A Time of Tyrants: Scotland and the Second World War, by Trevor Royle (published by Birlinn, 2011) – this article published today at Think Scotland
If you have never seen the view into the valley of the Clyde from the hills above Greenock, then that is something wonderful you have yet to experience in life. With the sun shining and a gentle breeze tugging at the yellow whins, you can see the blue river snaking down from Glasgow, past Dumbarton Rock, and Ben Lomond looming like an iceberg on the horizon; you can see it as it flows toward you growing wider, the channel of its navigable waters neatly pegged out like a putting green, red to port, green to starboard, all the delicate way between yawning sandbanks; and over your left shoulder now there’s the Tail o’ the Bank, where the water turns salty, then lazily moves south round the headland of Gourock and opens out into the mouth of the Firth, with Largs, Troon, Turnberry and the Ailsa Craig, and all the promises of fish teas and ice cream which those sunlit pavilions have to offer.
Across the water from you now are the Holy Loch, Loch Long and Gare Loch, where you could hide seventeen Royal Navy Frigates like so many kilted Jacobites in moorland heather: because you can see clearly now from where you’re standing, plain as the nose on your face, that these are some of the best natural harbours anywhere in the world, bar nowhere. This is a home for giants: where ships were incubated then born onto the river like calving glaciers; and spread out before you it is a natural amphitheatre as glorious in its way as the view over Edinburgh from the North Bridge.
The mighty channel is usually empty these days apart from the occasional dredger heading up to Glasgow, or the quaint sight of the Waverley ploughing the waters like a mechanical swan. Indeed on a day like this, with the sun in the sky, the waters and shores look natural and clean: fish swim far upriver and razorbills and oystercatchers perch along the banks; but sprawling supermarket complexes and burger joints now fill the void of what was once the vast grimy, noisy, relentless, unceasing, ceased to exist glory – the clanging heart – that was shipbuilding on the lower Clyde.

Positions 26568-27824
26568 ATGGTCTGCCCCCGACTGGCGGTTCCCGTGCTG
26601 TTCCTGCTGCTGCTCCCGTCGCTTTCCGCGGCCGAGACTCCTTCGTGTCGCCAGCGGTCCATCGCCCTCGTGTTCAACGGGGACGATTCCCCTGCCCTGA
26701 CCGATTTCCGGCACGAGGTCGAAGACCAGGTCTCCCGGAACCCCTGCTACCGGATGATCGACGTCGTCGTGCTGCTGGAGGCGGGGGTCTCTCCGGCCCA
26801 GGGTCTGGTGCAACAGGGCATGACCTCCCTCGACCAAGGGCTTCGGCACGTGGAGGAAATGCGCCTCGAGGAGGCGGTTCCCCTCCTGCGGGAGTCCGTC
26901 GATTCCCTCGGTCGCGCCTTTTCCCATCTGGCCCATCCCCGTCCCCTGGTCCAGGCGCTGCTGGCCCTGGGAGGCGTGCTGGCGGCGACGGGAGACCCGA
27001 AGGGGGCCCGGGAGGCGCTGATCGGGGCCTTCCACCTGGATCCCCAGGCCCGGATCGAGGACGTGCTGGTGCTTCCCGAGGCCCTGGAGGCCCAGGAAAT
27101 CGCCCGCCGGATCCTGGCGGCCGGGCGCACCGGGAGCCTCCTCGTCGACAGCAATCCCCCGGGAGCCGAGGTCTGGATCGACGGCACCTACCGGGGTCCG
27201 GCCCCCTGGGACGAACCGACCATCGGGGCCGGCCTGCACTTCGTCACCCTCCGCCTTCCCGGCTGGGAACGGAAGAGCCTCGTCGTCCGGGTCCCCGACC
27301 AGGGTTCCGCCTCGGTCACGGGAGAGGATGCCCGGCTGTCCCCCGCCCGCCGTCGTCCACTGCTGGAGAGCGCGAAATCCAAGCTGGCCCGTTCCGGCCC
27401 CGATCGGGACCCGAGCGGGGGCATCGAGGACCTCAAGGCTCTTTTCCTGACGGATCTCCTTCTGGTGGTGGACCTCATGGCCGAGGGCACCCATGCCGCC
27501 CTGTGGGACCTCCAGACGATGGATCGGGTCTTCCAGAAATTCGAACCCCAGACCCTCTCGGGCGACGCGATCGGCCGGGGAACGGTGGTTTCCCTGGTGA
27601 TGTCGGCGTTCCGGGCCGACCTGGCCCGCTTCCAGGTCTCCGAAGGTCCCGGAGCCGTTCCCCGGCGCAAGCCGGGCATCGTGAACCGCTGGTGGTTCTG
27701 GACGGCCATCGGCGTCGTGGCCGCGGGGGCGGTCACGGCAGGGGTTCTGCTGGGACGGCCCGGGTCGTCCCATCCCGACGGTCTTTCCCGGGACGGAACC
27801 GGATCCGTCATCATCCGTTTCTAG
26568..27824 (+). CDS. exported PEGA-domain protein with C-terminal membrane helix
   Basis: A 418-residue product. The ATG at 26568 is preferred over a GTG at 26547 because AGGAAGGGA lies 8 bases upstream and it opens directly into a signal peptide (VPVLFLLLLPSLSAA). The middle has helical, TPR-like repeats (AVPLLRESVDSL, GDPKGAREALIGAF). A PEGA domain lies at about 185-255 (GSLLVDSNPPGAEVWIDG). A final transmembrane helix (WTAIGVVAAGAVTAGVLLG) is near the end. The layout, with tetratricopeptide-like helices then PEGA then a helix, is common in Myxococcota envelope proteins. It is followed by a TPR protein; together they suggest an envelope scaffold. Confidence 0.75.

Close your eyes; go back over seventy years to 1940 and the scene before you when you open them again is very different. I have mischievously convinced my four year old daughter that the world before 1980 was entirely black and white, but in this instance it’s not hard to believe that the sky and the sea would have been a little less blue, the grass a little less green, the air thick with grey smoke and coal dust. In those days the Clyde was a seething mass of shipping, with every conceivable vessel butting its way through the choppy waters, crossing and crisscrossing before you like scars on a riveter’s glove. Or as Trevor Royle describes the scene in A Time of Tyrants: